Hundreds of years later in Biblical history, when God called Israel out of Egypt as a nation under Moses, the Mosaic covenant was established. But here's the thing. It is clear - crystal clear - that the Mosaic covenant would be temporary. The preceding Abrahamic covenant promising redemption through Israel was permanent, but the subsequent national Mosaic covenant between God and the nation of Israel would be broken through disobedience. Moses prophesied this explicitly and Old Testament prophets like Jeremiah went even further and promised a future "new covenant" in the future. Unlike the Abrahamic covenant, the Mosaic covenant in relationship to a single nation-state would ultimately be dissolved and replaced. This was fully and explicitly anticipated by the Old Testament itself.

So the first salient point to understand is simply this: Israel as a theocratic nation-state had a role to play in God's plan (Abrahamic Covenant) to save the world, but that place would be temporary (Mosaic Covenant). The theocratic nation-state of Israel, as such, would eventually be subsumed and translated into something more permanent and global - the church of the New Covenant, including Jew and Gentile.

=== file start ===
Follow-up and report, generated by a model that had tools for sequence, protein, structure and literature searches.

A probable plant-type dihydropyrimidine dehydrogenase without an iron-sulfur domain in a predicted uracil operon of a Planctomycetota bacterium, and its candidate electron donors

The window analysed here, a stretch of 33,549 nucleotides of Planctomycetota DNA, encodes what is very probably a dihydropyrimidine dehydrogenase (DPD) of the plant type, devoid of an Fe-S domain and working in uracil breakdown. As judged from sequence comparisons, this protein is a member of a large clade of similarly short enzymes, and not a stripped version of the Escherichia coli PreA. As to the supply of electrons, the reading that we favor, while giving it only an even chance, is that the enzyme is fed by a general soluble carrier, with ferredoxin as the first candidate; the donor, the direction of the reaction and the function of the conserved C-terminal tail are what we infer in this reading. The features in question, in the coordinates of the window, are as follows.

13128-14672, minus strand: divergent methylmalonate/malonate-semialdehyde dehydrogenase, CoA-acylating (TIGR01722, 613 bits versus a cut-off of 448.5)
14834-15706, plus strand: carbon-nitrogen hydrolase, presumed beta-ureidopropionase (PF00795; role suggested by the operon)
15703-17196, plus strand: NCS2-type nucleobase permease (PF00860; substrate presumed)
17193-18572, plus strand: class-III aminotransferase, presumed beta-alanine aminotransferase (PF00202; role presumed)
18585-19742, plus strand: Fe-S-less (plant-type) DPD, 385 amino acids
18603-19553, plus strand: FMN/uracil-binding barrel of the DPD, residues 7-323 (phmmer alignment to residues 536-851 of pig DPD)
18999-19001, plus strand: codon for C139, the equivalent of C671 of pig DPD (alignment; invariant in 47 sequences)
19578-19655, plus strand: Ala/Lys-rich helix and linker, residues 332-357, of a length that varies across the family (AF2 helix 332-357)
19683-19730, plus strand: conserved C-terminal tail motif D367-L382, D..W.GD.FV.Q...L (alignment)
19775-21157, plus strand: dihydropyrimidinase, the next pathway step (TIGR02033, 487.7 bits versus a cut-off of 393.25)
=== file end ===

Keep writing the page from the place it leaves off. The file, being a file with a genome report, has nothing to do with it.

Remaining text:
But - the prophecy timeline people say - what about all the Old Testament promises about restoring Israel? What about the prophecies about restoring the Temple? About judging the nations? Aren't those promises yet to be fulfilled? Isn't that what we're waiting for when Christ returns to reign from Jerusalem for a thousand years? Shouldn't we read the Old Testament on its own terms without reading it through the lens of the New Testament Apostles?